By Charlie Bermant and Joe Smillie
Peninsula Daily News
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Sea Change Cannabis passed its final inspection Monday.
When Greg Brotherton, owner of the shop at 282332 U.S. Highway 101 in Discovery Bay, serves his first customer at 10 a.m., he expects long lines with both locals and those traveling to and from the Sequim Lavender Festival and Sequim Lavender Farm Tour & Fair stopping by.
“It’s fortuitous that we are opening on the same weekend as the Lavender Festival, so we can celebrate two weeds on the same day,” Brotherton said.
“We’ll have two people here at all times: one to serve the customers and another to manage the queue.
“We will serve one group at a time and hope to provide a good customer experience.”
Brotherton, 42, is an owner of both the Quilcene Village Store and the newly opened Discovery Bay Village Store, which is adjacent to the pot shop.
The first wave of legal marijuana outlets opened across the state this month.
Due to a shortage of approved product, many of them sold out quickly.
Brotherton said that could happen to him.
The store will be open only on Saturdays and Sundays, with hours from 10 a.m. to 8 p.m., until a more reliable inventory develops, he said.
“We don’t want to open for a few days and then have to close because we run out, so opening just on weekends to start seems like a good idea,” he said.
He has secured about 4 pounds of six different strains of smokable marijuana that will be packaged in portions of 1 gram and an eighth of an ounce.
Edible marijuana products will not be available because none has yet been approved by the state for consumption, Brotherton said.
Brotherton estimates the cost per gram will be about $20, while the larger package will cost $50 or $60.
Depending on demand, he may initially have to limit each customer to 1 or 2 grams, he said.
Cash will be managed off-site. That the business is cash only for now will cause some extra effort, Brotherton said.
Taxes will need to be computed and paid regularly in cash.
Once the business is open a few months, he plans to contribute a percentage to the community for a cause yet to be determined.
“We want to be good neighbors and bring about positive change,” he said.
“A lot of time, a liquor store or a medical dispensary can come into a seedy area and make it seedier.
“We don’t want it to be that way.
“We want to class up the place and tie it in with the grocery and a new coffee stand.”
Two other pot shops in Jefferson County are in the latter stage of the approval process.
Gracen Hook, who expects to open Port Townsend’s sole retail outlet at 1433 W. Sims Way, doesn’t expect to open until September at the earliest, while Forrest Thomsen’s Herbal Access Retail at 661 Ness’ Corner Road is shooting for mid-August.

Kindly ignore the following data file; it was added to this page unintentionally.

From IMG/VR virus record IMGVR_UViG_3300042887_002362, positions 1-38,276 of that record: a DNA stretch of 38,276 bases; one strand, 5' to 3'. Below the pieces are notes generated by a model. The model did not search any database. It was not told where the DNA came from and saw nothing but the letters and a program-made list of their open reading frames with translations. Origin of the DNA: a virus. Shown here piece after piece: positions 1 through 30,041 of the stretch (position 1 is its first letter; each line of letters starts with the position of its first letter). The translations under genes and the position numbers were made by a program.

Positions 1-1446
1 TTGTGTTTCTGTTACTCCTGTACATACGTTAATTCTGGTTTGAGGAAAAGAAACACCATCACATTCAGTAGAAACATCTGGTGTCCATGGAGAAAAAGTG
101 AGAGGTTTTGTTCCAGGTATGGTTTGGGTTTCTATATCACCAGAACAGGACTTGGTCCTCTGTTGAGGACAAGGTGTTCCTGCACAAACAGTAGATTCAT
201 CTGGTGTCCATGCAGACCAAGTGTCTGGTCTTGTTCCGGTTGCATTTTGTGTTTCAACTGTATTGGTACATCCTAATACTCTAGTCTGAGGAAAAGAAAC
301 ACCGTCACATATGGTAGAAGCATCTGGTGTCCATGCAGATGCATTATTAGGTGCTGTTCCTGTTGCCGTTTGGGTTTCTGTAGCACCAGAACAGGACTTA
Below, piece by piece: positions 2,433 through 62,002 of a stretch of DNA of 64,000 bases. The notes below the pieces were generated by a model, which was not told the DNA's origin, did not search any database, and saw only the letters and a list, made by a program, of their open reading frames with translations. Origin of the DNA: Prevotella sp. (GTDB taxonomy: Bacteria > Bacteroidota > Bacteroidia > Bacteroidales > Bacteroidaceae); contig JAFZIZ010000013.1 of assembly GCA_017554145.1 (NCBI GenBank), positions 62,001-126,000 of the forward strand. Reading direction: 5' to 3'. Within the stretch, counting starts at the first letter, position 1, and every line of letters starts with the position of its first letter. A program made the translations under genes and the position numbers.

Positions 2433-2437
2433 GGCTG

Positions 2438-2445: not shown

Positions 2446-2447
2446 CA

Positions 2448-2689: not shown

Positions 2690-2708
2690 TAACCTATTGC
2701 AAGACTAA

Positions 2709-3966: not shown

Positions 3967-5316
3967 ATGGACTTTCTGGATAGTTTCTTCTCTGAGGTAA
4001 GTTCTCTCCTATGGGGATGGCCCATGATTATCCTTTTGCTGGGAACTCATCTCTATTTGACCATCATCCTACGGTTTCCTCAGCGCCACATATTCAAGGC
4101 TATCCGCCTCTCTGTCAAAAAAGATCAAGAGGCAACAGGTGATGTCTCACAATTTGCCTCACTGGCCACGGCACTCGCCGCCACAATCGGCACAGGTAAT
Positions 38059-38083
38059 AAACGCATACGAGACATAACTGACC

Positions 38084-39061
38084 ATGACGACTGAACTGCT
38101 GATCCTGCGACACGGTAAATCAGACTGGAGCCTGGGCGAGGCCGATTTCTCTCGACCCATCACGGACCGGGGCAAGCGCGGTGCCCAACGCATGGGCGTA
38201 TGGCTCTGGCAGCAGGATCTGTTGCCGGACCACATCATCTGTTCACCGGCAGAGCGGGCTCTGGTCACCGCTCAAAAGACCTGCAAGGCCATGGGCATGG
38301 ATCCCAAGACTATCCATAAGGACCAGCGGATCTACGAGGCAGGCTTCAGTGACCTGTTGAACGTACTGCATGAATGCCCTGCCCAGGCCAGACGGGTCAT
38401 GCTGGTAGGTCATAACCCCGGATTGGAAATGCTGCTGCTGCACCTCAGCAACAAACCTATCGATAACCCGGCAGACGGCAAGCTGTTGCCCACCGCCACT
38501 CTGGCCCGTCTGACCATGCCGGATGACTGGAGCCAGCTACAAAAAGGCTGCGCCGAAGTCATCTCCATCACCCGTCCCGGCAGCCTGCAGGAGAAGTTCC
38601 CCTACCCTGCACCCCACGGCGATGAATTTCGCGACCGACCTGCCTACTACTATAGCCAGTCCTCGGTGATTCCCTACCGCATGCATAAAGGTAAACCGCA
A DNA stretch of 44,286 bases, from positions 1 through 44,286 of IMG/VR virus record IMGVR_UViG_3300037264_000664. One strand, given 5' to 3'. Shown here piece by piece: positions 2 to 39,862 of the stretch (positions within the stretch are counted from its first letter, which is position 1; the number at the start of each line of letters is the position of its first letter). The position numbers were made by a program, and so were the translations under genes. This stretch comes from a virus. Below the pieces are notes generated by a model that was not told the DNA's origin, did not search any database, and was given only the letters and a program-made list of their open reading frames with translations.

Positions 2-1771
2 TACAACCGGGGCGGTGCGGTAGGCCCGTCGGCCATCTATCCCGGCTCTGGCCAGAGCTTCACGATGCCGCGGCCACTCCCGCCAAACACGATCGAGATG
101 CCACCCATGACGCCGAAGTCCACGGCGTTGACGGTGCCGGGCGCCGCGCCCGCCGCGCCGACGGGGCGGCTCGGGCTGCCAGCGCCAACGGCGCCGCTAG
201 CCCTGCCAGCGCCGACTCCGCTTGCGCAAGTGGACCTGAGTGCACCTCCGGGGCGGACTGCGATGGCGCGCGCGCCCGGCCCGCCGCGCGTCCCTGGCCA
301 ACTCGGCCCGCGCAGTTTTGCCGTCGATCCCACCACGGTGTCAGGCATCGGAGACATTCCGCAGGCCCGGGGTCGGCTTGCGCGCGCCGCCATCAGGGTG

Marijuana buyers from Clallam County will have to make a run across the county line to get some of the North Olympic Peninsula’s first legal pot.
It’s legal to drive with marijuana in the car as long as it isn’t used in the car. And that is fortunate for those in Clallam County who want to buy pot because it appears it will be awhile before any of Clallam County’s six retail shops will be open.
“It’s not going to happen this month, for sure,” Malik Atwater said of his Mr. Buds shop in Port Angeles.
“We’re working real hard on getting our building done right. We want to open something that’s spectacular,” Atwater said. “We don’t want to look like a medical marijuana place.”
The owner of the eccentrically decorated Colonel Hudson’s restaurant next door to his soon-to-be pot shop, Atwater said he wants his new venture to have the same character as his restaurant.
“Something weird and memorable,” he said, adding that he took inspiration from a recent trip to Mount Rushmore outside Rapid City, S.D.
Clallam County was allotted six retail shops by the state Liquor Control Board.
The first slate of pot shops opened last week, but none was on the Peninsula.
And that’s fine with Rodney Caldwell.
Caldwell said he’s waiting for the growers and processors of newly legal recreational marijuana to produce more before he thinks about opening up his Weed-R-Us on U.S. Highway 101 outside Port Angeles.
“I’m not going to open when there’s nothing to sell,” he said. “That’s just not smart business.”
Washington has 100 growers now licensed, with more coming every week, who are currently growing some 700,000 square feet of marijuana canopy.
On its Facebook page, the Port Angeles Sparket store said it expects to spend the next six to eight weeks renovating its building on First Street to meet building codes.
Owners of The Hidden Bush outside Port Angeles and High Grade Organics in Forks did not return calls asking when they expect to open.
Jefferson County Editor Charlie Bermant can be reached at 360-385-2335 or email@example.com.
Sequim-Dungeness Valley Editor Joe Smillie can be reached at 360-681-2390, ext. 5052, or at firstname.lastname@example.org.